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Psychology in Society

versão On-line ISSN 2309-8708
versão impressa ISSN 1015-6046

Psychol. Soc.  no.52 Durban  2016

http://dx.doi.org/10.17159/2309-8708/2016/n52a4 

BRIEFINGS: LAUNCHING CHABANI MANGANYI'S MEMOIR

 

Editorial: Chabani Manganyi's memoir

 

 

Grahame Hayes

University of KwaZulu-Natal ,Durban. grahame.hayes@gmail.com

 

 

Chabani Manganyi's memoir, Apartheid and the making of a Black psychologist, was launched in June this year, at Circa Gallery in Rosebank, Johannesburg. The invited speaker at this event was Grahame Hayes. Wits University Press then organised another launch event, in conjunction with WiSER (Wits Institute for Social & Economic Research), and the Department of Psychology, which was held at WiSER on 24 August 2016. The speakers at this event - Catherine Burns (WiSER), Garth Stevens (Dept of Psychology - Wits), and Hlonipha Mokoena (WiSER) - were asked to discuss Manganyi's memoir under the rubric, "Being black in the world: Race, memory and the psychology of Black subjectivity in the memoir of Chabani Manganyi".

The purpose of this brief editorial note is to explain the rationale for the inclusion of the seven short contributions on Manganyi's memoir that follow in this section entitled, "Briefings: Launching Chabani Manganyi's memoir". After the first launch event, on 25 June 2016, PINS (Psychology in society) decided to review Manganyi's memoir in a slightly different way from our usual book reviews. Given the importance, and under-appreciated, legacy of Manganyi's ideas and work in the history of South African psychology, we thought it would be interesting to get a range of reviewers to respond to his memoir. To this end PINS approached three people to review Apartheid and the making of a Black psychologist - two of them (Kessi Shose & Kylie Thomas) are relatively young academics at the beginning of their careers, and the other (Anthony Pillay), is an established mental health practitioner and academic who has had an interest in Manganyi's work over many years.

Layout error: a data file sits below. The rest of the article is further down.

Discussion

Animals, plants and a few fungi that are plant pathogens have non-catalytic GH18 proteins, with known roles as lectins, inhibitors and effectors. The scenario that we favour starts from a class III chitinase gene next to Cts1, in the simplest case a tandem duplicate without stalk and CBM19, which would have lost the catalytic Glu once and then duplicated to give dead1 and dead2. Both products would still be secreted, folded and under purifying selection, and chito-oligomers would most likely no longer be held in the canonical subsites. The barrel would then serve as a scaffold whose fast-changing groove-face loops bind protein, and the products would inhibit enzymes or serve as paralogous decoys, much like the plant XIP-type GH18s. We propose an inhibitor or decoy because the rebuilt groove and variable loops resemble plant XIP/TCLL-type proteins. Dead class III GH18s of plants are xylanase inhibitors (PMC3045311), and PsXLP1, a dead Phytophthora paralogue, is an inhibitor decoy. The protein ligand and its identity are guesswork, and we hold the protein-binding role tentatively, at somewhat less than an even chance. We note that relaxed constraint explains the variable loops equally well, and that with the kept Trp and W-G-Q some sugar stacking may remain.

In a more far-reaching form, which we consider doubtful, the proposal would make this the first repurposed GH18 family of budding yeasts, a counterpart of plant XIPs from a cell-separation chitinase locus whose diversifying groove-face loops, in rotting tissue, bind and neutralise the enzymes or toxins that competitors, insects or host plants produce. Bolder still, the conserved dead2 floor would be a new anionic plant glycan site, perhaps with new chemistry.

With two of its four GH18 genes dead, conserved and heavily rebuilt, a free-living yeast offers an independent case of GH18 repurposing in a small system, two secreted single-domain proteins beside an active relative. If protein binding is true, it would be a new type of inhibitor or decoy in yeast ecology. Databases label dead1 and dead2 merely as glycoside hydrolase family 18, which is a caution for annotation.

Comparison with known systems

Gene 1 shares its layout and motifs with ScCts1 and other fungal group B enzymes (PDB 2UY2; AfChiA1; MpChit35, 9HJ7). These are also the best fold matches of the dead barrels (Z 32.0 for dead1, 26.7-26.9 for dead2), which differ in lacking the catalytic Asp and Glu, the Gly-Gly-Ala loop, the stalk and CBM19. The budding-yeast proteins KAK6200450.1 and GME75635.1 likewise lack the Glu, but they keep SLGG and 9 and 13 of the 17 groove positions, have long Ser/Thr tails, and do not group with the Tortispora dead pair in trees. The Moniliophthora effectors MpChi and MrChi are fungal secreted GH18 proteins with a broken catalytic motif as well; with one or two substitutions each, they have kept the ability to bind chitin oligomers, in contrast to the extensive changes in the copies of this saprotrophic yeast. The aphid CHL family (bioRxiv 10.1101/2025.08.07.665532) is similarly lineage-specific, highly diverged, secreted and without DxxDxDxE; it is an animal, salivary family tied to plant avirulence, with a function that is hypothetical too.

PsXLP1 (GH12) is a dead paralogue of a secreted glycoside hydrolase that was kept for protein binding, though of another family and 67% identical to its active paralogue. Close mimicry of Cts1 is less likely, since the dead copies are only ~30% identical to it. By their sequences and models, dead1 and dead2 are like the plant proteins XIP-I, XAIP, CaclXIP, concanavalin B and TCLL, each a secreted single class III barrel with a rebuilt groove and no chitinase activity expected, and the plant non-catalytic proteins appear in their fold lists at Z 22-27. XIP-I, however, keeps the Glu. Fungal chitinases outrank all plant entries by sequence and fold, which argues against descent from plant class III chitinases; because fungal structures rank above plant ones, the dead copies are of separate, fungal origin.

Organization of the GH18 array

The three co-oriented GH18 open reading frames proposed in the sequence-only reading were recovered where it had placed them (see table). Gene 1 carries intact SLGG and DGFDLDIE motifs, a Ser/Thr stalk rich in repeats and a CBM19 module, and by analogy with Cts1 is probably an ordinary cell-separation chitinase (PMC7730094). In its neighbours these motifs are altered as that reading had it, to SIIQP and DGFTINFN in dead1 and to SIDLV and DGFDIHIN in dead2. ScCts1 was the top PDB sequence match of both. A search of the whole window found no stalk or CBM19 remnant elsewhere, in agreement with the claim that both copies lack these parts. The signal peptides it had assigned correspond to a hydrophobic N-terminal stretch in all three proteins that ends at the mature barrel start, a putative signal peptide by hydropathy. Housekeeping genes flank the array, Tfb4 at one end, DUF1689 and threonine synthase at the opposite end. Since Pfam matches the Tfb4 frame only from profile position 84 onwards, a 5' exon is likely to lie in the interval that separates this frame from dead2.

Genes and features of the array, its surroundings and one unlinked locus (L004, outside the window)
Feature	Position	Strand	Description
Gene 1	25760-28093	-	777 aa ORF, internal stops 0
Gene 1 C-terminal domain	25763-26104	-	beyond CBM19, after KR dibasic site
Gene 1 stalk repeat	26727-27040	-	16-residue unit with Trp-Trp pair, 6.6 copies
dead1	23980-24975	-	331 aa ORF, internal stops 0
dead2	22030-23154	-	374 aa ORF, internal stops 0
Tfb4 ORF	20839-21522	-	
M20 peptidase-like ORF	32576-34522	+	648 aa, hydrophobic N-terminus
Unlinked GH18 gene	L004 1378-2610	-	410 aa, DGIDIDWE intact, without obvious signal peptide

While Chabani Manganyi positions himself as a psychologist, he is also much more than this, as is borne out by the interest shown in his work from historians, literary theorists, and social scientists. Fortunately, two of the speakers (Burns & Mokoena) at the WiSER launch event in August are historians, the former being an historian in, and of, the medical humanities, and the latter an intellectual historian (see for instance her book Magema Fuze: The making of a Kholwa intellectual, 2011). So together with Garth Stevens, PINS thought that these two speakers would offer a slightly different perspective on Manganyi's memoir, and broaden the scope of the responses beyond the disciplinary confines of psychology. PINS, thus approached Catherine Burns, Hlonipha Mokoena, and Garth Stevens to contribute their talks1, from the WiSER launch, to this issue of the journal. Finally, it was also decided to include Grahame Hayes' talk from the June 2016 launch, as this contribution gives some historical contextualization to the work and ideas of Chabani Manganyi.

So what follows in this focus on Manganyi's Apartheid and the making of a Black psychologist, are seven short papers, in historical order: Hayes (June 2016 launch); Burns, Mokoena, and Stevens (August 2016 launch at WiSER); and Shose, Pillay, and Thomas (commissioned book reviews). PINS hopes that these contributions allow readers to engage with the multiple voices that Manganyi speaks with, and how these voices are heard in different and fascinating ways by a diverse community of scholars.

 

 

1 Burns, Mokoena, and Stevens have all revised their original talks for this issue of PINS.

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